Dan circa 1975. Forty-something years ago Bullseye’s founder couldn’t decide whether he was prouder of the ingeniously winged glass spreader he’d invented or of the factory surviving its first year in business – a milestone proudly proclaimed on the newly designed T-shirt: “Handcast Glass Since 1974”
We celebrated Dan’s 75th birthday last week with a movie, his favorite fish stew and a wee dram of my favorite single malt.
With the exception of fish, aging is a good thing.
Growing older brings rich rewards: a greater tolerance for one’s mate’s failings (mine have long been in the kitchen, his, perpetual tardiness) and the enjoyment of smaller pleasures (hummingbirds at the feeders in the morning would NOT have been a highpoint of my days in my twenties).
Factories can also benefit from aging. Hard lessons learned over time become core values. New lessons – even the most difficult – keep us young. These last two years, aging in the eye of a legal storm*, have brought unexpected joys. The greatest of these is reflection. Looking back on the growth of our creative community, the deepening roots, the spreading branches of connection, and with it the growing conviction that one’s purpose in life has been worthwhile.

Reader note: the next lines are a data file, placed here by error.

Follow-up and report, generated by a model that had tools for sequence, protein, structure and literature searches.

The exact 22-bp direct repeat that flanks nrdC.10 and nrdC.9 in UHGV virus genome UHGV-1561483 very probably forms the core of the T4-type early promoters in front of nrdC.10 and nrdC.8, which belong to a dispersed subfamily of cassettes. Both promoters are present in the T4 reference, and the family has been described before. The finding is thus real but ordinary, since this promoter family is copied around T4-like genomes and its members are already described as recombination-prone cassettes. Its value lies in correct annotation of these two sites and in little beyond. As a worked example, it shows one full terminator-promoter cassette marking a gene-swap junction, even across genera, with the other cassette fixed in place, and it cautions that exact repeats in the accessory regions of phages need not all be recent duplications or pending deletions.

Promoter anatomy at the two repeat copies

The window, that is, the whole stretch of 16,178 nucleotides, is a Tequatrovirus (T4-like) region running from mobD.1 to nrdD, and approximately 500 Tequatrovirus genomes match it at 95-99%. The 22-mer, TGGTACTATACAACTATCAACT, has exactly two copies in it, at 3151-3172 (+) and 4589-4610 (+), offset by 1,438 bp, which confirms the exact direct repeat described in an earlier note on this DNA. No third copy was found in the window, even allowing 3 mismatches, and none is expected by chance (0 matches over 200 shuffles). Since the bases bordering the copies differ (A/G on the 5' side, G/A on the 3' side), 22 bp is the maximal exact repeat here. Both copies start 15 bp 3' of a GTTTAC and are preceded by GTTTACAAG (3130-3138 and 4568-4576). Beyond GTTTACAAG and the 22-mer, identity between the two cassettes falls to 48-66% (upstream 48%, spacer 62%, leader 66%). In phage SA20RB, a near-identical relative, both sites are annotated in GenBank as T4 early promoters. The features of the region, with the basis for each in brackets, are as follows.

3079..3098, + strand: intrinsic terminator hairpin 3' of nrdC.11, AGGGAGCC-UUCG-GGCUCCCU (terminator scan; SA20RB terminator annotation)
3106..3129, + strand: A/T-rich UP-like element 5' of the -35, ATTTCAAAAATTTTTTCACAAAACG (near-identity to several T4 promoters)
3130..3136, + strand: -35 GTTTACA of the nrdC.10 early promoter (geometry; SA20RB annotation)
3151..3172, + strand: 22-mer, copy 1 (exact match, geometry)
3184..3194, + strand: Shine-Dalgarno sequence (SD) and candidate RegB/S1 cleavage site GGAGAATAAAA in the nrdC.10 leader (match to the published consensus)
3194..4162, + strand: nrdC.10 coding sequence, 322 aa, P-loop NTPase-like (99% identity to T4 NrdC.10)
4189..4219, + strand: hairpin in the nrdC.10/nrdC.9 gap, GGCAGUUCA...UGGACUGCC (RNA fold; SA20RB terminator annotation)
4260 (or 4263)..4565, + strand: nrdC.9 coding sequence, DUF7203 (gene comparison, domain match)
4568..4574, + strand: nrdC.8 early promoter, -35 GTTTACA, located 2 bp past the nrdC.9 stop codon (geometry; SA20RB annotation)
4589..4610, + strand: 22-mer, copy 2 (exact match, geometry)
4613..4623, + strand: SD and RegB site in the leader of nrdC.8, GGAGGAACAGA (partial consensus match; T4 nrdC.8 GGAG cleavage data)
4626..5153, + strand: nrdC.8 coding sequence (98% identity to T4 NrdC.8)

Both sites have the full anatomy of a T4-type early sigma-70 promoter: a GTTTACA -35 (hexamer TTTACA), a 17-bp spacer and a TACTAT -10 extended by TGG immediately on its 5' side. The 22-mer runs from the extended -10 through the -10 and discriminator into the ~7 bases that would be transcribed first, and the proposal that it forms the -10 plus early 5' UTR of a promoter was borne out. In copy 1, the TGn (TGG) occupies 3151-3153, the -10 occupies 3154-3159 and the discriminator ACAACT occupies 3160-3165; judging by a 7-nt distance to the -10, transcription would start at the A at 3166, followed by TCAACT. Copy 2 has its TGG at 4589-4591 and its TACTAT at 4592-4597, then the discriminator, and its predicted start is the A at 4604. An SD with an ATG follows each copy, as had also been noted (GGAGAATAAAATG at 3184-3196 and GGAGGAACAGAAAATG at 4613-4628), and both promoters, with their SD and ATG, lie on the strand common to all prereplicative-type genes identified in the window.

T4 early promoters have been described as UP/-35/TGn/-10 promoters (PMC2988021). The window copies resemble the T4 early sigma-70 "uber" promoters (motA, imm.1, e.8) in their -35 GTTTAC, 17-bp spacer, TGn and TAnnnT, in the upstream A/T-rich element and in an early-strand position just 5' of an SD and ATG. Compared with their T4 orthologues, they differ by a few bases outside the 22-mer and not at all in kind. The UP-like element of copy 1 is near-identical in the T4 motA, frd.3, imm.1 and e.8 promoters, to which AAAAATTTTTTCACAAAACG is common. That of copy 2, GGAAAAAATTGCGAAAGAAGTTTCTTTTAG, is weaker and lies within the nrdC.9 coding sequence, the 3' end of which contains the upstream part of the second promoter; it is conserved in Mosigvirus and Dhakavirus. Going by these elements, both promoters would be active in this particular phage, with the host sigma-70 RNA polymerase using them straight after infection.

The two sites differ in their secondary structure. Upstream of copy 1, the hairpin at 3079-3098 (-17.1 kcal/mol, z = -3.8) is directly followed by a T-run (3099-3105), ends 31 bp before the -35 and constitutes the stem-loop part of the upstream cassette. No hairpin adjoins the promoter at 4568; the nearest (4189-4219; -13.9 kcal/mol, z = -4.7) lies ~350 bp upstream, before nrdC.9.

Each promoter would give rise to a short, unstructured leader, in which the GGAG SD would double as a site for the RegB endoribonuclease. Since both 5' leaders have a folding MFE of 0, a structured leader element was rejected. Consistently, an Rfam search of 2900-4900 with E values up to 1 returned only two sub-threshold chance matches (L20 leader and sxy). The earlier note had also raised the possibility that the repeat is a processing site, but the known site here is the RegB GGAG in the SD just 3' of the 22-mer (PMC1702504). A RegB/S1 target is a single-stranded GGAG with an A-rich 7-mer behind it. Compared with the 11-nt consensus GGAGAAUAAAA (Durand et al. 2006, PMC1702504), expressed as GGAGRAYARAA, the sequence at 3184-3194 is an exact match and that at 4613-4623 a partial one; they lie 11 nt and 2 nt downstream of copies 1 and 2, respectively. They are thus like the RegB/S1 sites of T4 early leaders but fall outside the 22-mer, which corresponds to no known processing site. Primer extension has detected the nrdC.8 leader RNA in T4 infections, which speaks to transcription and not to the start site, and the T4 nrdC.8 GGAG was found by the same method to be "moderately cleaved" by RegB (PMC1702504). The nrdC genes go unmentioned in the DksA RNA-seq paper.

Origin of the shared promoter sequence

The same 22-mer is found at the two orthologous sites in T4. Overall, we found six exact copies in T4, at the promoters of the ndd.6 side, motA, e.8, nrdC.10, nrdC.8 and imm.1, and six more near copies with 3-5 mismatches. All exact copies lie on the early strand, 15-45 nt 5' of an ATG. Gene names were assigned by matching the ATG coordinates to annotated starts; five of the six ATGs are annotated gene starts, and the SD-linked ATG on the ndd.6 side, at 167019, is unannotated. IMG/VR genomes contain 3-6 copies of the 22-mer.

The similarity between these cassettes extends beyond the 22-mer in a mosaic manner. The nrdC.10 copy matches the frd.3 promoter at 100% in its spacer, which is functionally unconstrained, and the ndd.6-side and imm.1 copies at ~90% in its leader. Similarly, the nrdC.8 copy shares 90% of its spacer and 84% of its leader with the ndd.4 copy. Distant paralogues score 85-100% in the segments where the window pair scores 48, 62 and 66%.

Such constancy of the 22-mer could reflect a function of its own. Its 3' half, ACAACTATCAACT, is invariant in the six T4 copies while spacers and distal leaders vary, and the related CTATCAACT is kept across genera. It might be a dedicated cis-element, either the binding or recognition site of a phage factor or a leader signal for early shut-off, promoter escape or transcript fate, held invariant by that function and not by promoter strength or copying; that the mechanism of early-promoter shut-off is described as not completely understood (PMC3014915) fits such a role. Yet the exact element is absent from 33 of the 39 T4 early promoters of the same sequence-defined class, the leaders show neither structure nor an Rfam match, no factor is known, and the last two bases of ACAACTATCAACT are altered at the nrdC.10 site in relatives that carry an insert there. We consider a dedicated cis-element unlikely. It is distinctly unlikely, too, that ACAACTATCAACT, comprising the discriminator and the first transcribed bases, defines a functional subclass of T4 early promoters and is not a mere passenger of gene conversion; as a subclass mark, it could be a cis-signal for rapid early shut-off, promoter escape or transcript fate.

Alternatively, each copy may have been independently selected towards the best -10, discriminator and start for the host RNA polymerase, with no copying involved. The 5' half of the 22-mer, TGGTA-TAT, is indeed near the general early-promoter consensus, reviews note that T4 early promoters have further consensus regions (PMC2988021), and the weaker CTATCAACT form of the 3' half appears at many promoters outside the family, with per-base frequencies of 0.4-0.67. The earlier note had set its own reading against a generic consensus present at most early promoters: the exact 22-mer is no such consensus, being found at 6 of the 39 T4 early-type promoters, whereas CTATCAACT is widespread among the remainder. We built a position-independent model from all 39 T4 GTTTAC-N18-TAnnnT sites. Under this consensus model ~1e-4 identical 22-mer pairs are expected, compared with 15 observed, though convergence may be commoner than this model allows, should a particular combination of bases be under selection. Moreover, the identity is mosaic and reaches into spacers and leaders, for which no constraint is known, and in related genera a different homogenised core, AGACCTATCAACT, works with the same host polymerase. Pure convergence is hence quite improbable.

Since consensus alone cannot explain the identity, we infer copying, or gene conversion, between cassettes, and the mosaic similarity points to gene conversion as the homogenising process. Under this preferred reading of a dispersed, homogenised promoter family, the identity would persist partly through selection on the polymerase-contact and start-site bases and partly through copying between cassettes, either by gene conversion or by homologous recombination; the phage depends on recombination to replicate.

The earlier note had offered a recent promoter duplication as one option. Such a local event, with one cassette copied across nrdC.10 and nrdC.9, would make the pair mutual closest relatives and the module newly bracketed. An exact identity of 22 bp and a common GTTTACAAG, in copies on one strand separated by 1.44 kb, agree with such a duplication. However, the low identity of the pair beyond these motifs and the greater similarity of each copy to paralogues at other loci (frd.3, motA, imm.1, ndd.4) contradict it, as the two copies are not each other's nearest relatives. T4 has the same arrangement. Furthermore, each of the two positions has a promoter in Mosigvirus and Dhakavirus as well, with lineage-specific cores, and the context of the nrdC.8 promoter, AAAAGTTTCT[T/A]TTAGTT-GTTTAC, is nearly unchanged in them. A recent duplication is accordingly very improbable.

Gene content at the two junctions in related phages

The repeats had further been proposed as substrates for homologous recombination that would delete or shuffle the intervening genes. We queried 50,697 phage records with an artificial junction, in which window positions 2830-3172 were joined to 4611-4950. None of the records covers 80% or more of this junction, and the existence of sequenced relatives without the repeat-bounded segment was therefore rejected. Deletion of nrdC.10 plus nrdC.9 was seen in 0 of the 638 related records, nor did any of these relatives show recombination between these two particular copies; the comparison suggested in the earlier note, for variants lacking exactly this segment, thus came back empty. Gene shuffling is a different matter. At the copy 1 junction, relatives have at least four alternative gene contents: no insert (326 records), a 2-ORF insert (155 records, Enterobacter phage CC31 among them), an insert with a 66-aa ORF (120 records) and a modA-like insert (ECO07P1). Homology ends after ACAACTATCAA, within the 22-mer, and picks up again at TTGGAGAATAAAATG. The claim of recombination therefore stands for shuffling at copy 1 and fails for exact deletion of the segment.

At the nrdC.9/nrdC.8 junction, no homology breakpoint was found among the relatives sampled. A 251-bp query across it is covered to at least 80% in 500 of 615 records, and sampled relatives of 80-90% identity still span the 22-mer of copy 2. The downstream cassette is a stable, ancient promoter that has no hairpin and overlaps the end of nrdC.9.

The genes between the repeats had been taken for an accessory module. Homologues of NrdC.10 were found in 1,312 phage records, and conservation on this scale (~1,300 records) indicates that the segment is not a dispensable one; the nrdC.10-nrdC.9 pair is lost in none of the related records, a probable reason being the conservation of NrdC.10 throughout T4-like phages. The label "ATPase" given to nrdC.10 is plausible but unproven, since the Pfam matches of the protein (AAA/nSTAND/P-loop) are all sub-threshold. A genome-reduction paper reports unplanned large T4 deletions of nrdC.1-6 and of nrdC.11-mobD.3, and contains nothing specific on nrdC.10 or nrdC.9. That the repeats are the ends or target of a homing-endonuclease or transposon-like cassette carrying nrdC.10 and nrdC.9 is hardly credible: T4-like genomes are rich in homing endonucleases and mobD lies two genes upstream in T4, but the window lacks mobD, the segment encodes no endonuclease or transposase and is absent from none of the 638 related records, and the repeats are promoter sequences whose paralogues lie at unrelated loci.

Reflecting on the projects that have flowed from the Bullseye factory or, more specifically, from the material and methods it produces, many stand out. Among those, a few of note:
• The honor to have crafted period-authentic glass for the renovation of our country’s capitol cupola. After decades of technical advances, to be recognized for using antiquated methods captures much of the dichotomy that is Bullseye.
• The thrill of providing Judson Studios the glass and technical assistance to pioneer the world’s largest kilnformed glass window – a window that brings new methods to the ancient craft of stained glass.
• Our involvement with Silvia Levenson whose relentless passion over the years continues to illuminate social injustice with the purifying light of colored glass. We were honored in 2017 to be the final venue for her international touring exhibition Identidad Desaparecida.
This last is my personal favorite. Aging that keeps its eyes on youth, on making, and on identifying the values that fuel our making. But most of all recognizing that who we are and where we come from is the vital thread that we alone can – and should – weave.
*I’ll write more about our legal storm in the weeks to come. I’m still not sure why fish stew struck me as a logical place to begin.